The Increasing Role of Physician Practices as Bill Collectors Destined for Failure
July 30, 2021
By A. Jay Holmgren et al
Through increasing deductibles, coinsurance, and co-payments, the privately insured population in the US is responsible for a larger share of health care out-of-pocket costs. Although many studies have examined the effects on patients, the implications for physicians have received less attention. The increase in cost sharing is forcing many physicians and health systems to take on the role of bill collectors. It is a task for which physician practices are unsuited. The result is a system with substantial administrative burden, frustrated patients struggling with confusing bills, and physicians receiving less compensation.
Moving away from deductibles and toward fixed-dollar co-payments as a cost-sharing mechanism could simplify the billing experience for patients and the collection process for physicians while retaining the ability of payers to steer patients to lower-cost care with financial incentives.
The growth of cost sharing and HDHPs has resulted in patients’ taking on more of the cost of their own care and in physicians’ holding the risk and responsibility of collecting large dollar amounts. Physician offices are poorly suited to the task, exacerbating a complex and confusing system for patients and clinicians alike. New private firms have developed products to simplify, consolidate, and improve billing. However, these private-sector solutions may help ameliorate the problem but will not solve it. Only larger shifts in how out-of-pocket costs are envisioned will meaningfully address the burden of high out-of-pocket spending on both patients and physicians.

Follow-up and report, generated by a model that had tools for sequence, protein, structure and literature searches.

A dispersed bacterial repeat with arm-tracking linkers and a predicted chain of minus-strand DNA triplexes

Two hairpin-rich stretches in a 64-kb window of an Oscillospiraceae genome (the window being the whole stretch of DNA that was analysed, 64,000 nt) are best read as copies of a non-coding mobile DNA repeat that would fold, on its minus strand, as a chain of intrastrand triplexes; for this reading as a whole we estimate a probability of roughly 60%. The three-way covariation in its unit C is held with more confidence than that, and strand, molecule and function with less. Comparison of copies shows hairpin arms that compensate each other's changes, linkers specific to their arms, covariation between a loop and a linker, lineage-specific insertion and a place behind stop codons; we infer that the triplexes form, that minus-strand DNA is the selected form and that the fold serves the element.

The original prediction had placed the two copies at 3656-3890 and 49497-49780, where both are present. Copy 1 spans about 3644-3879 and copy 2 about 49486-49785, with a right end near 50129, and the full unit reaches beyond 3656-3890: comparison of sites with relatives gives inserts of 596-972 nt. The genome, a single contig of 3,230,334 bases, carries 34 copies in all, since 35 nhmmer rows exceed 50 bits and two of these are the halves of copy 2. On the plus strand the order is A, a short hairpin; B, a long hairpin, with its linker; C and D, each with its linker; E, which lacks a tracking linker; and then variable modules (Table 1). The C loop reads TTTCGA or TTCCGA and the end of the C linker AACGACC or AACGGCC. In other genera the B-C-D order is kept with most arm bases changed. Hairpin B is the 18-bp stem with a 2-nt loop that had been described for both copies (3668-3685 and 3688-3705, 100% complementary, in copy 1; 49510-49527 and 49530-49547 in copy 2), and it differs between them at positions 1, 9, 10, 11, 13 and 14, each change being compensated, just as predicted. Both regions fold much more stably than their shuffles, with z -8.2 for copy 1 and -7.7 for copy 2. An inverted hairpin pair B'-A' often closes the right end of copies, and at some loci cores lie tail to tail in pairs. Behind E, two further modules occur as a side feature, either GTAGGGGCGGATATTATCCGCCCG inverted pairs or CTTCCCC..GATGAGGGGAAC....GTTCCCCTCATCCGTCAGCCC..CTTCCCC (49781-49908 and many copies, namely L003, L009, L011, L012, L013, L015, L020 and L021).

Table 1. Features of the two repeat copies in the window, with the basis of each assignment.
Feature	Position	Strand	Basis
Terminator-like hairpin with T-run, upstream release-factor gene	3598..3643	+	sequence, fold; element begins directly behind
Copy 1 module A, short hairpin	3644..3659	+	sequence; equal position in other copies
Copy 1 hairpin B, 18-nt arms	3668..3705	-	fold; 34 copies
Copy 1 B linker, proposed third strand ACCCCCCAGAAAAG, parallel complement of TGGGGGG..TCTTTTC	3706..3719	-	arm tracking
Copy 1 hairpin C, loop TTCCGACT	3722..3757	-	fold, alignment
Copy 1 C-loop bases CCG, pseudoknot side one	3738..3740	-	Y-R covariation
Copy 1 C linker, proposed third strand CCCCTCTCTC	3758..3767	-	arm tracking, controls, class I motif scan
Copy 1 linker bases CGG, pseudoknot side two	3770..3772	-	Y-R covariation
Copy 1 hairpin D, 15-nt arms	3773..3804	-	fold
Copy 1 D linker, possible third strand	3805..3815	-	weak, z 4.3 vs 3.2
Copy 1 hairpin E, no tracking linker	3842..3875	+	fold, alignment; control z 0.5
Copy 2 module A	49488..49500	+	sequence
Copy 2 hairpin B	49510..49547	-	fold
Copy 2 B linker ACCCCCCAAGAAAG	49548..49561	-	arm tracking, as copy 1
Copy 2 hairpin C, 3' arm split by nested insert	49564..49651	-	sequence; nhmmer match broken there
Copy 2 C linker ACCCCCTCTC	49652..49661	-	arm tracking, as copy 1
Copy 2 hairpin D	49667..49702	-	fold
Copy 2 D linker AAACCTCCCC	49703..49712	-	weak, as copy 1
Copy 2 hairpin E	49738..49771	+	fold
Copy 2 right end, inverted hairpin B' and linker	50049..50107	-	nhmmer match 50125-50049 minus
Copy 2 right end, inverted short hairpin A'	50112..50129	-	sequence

Comment by Don McCanne
This JAMA Viewpoint article explains the burden of out-of-pocket cost sharing on both the patient and the physician – financial barriers for the patient, and a costly administrative burden for the physician.
Cost sharing can interfere with the delivery of care. High cost sharing may cause individuals to forgo beneficial health care. Even modest cost sharing can cause individuals with limited resources to forgo essential care. Also cost sharing has been a significant contributor to the expansion of medical debt with its associated bankruptcies. Cost sharing is detrimental to the goal of health care justice for all.
The purported reason is that the financial disincentives of cost sharing steer patients to lower-cost care. But do patients really shop cost-sharing prices? And would any modest differences have a significant impact on the total cost of care?
If we are trying to control health care spending, wouldn’t it be much more effective and efficient to institute administered pricing with a public plan? We should be able to get pricing right when the public administrators take into consideration both the legitimate costs and fair compensation for physicians, and the interests of the potential patients subjected to progressive taxes.
The authors acknowledge that physician offices are “poorly suited” to the task of collecting cost sharing payments, but the solution is not more of the same by moving from deductibles to co-payments. The solution is to dispense with patient cost sharing and move to universal, first dollar coverage, which would also eliminate the scourge of medical debt and save lives.